Using the Empire State Building as a test case and model, environmental consulting, non-profit, design and construction partners – including the Clinton Climate Initiative, Rocky Mountain Institute, Johnson Controls Inc. and Jones Lang LaSalle – recently unveiled an innovative process for analyzing and retrofitting existing structures for environmental sustainability.

The more than $500 million upgrade program presently underway at the building is the first comprehensive approach that integrates many steps to use energy more productively. It is expected to reduce energy consumption by up to 38% and will provide a replicable model for similar projects around the world. Work has already commenced, and building systems work is slated to be completed by year-end 2010.

The balance of the work in tenant spaces should be concluded by end of 2013. Work that is scheduled to be completed within 18 months will result in more than 50% of the projected energy savings. The balance will be an additional 36 months, completed by 2013.

The project will prove the viability for energy efficiency retrofit projects to dramatically increase building energy efficiency and reduce its overall carbon output with sensible payback periods and enhanced profitability.

At the end of the project definition process, the team analyzed the steps to be taken in conjunction with other steps towards sustainability as part of the Empire State ReBuilding program within the framework of the existing USGBC Leadership in Energy and Environmental Design (LEED)rating system. Internal calculations show that the Empire State Building will be able to qualify for GOLD certification for LEED for Existing Buildings, and ownership intends to pursue such certification.

“Beginning in February 2008, the Empire State Building has been used as a test bench to create a replicable process to reduce energy consumption and environmental impacts,” said Anthony E. Malkin of building owner, Empire State Building Company. “Most new buildings are built with the environment in mind, but the real key to substantial progress is reducing existing building energy consumption and carbon footprint.”

The project partners used existing and newly created modeling, measurement and projection tools in a new and repeatable process to analyze the Empire State Building and establish a full understanding of its energy use as well as its functional efficiencies and deficiencies. This provided actionable recommendations along a cost-benefit curve to increase efficiency and without harming bottom line performance.

In reviewing more than 60 optional activities, the team identified eight economically viable projects, applicable to building-wide renovations, electrical and ventilation system upgrades and tenant space overhauls that will provide a significant return on investment, both environmentally and financially.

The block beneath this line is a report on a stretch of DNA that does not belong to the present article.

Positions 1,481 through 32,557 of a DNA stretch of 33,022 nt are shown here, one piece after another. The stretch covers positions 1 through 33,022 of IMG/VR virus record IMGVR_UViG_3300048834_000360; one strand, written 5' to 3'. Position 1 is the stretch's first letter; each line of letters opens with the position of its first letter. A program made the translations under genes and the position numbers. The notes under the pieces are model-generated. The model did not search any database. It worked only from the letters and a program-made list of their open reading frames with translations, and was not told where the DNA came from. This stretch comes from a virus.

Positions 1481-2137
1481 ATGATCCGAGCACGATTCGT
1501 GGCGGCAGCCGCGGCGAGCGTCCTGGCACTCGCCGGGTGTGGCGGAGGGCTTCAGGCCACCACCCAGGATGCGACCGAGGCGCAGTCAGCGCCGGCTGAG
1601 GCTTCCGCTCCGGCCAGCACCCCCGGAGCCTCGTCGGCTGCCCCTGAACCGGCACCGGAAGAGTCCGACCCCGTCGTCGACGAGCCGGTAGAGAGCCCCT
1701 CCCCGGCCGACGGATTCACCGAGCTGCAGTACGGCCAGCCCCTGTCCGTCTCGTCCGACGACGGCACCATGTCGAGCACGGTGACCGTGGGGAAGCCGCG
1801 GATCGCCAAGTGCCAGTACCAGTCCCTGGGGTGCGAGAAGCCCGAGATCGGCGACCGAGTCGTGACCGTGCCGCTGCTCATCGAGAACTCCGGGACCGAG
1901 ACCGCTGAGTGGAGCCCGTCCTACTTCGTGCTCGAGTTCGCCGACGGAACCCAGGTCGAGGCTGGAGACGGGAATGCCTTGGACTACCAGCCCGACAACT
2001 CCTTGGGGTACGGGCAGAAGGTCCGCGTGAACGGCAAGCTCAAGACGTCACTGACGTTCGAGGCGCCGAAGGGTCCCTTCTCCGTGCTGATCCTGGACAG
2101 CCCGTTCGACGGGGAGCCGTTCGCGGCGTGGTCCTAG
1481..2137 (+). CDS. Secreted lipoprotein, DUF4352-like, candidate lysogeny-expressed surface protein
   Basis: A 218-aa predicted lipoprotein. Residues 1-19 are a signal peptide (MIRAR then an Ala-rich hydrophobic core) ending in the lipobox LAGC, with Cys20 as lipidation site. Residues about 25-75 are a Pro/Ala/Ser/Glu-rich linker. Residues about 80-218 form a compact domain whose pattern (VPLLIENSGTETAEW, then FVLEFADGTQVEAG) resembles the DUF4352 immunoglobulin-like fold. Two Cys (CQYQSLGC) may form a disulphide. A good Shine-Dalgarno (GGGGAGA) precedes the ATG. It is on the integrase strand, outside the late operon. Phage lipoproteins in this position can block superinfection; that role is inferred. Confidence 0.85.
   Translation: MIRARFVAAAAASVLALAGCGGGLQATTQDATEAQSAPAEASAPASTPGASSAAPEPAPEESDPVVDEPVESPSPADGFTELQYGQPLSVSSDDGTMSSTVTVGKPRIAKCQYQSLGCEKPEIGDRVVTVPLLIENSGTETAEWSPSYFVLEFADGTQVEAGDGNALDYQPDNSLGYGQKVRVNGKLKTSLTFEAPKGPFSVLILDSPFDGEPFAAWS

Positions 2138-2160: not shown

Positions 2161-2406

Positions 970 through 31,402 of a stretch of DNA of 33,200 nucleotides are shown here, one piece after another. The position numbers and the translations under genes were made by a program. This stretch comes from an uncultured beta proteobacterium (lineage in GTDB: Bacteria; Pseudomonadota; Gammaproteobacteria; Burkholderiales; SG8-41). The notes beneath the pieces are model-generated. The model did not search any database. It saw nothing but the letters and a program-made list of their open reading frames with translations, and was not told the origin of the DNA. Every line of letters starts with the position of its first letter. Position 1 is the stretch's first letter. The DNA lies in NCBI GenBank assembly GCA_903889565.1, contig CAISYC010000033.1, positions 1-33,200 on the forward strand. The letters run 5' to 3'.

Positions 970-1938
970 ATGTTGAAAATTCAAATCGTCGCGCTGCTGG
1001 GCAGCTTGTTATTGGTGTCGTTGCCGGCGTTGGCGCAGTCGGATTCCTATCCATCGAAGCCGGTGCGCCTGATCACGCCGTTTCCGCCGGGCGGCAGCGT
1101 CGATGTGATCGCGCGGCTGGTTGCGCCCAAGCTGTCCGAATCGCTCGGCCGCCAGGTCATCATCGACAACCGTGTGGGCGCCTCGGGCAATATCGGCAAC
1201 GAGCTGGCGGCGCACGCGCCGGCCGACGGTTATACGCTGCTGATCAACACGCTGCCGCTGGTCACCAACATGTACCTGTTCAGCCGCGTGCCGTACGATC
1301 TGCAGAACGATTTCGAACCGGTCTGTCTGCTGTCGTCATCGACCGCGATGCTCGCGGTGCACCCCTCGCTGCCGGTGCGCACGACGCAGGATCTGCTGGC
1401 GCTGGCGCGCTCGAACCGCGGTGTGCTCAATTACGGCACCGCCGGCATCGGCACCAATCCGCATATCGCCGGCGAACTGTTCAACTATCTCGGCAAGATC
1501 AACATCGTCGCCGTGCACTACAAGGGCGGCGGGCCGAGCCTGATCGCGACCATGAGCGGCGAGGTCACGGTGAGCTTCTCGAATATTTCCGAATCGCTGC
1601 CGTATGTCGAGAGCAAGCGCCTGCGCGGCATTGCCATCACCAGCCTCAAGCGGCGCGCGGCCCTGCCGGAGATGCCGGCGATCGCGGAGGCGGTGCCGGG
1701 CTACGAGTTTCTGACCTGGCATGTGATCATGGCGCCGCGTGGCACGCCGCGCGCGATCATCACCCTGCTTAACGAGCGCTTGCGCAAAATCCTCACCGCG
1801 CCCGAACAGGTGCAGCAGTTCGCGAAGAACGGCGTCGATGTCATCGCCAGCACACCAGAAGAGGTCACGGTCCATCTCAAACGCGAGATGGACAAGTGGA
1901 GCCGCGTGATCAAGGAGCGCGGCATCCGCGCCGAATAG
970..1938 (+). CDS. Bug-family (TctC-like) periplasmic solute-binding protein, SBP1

With an initial estimated project cost of $20 million, additional savings and redirection of expenditures originally planned in the building’s upgrade program, and additional alternative spending in tenant installations, the Empire State Building will save $4.4 million in annual energy savings costs, reduce its energy consumption by close to 40%, repay its net extra cost in about three years, and cut its overall carbon output through eight key initiatives, including:

1. Window Light Retrofit: Refurbishment of approximately 6,500 thermopane glass windows, using existing glass and sashes to create triple-glazed insulated panels with new components that dramatically reduce both summer heat load and winter heat loss.

2. Radiator Insulation Retrofit: Added insulation behind radiators to reduce heat loss and more efficiently heat the building perimeter.

3. Tenant Lighting, Daylighting and Plug Upgrades: Introduction of improved lighting designs, daylighting controls, and plug load occupancy sensors in common areas and tenant spaces to reduce electricity costs and cooling loads.

4. Air Handler Replacements: Replacement of air handling units with variable frequency drive fans to allow increased energy efficiency in operation while improving comfort for individual tenants.

5. Chiller Plant Retrofit: Reuse of existing chiller shells while removing and replacing “guts” to improve chiller efficiency and controllability, including the introduction of variable frequency drives.

6. Whole-Building Control System Upgrade: Upgrade of existing building control system to optimize HVAC operation as well as provide more detailed sub-metering information.

7. Ventilation Control Upgrade: Introduction of demand control ventilation in occupied spaces to improve air quality and reduce energy required to condition outside air.

8. Tenant Energy Management Systems: Introduction of individualized, web-based power usage systems for each tenant to allow more efficient management of power usage.

Recently, several initiatives have been launched, including the CCI Building Retrofit program and New York City’s PlaNYC in 2007, which aim to reduce the significant carbon footprint of existing structures in major cities. The pilot program launched at the Empire State Building moves from theoretical and directional steps to quantifiable action plans which can be broadly adopted around the world.

The full analysis process is available online as open-source materials for public use at www.esbsustainability.com and www.esbnyc.com.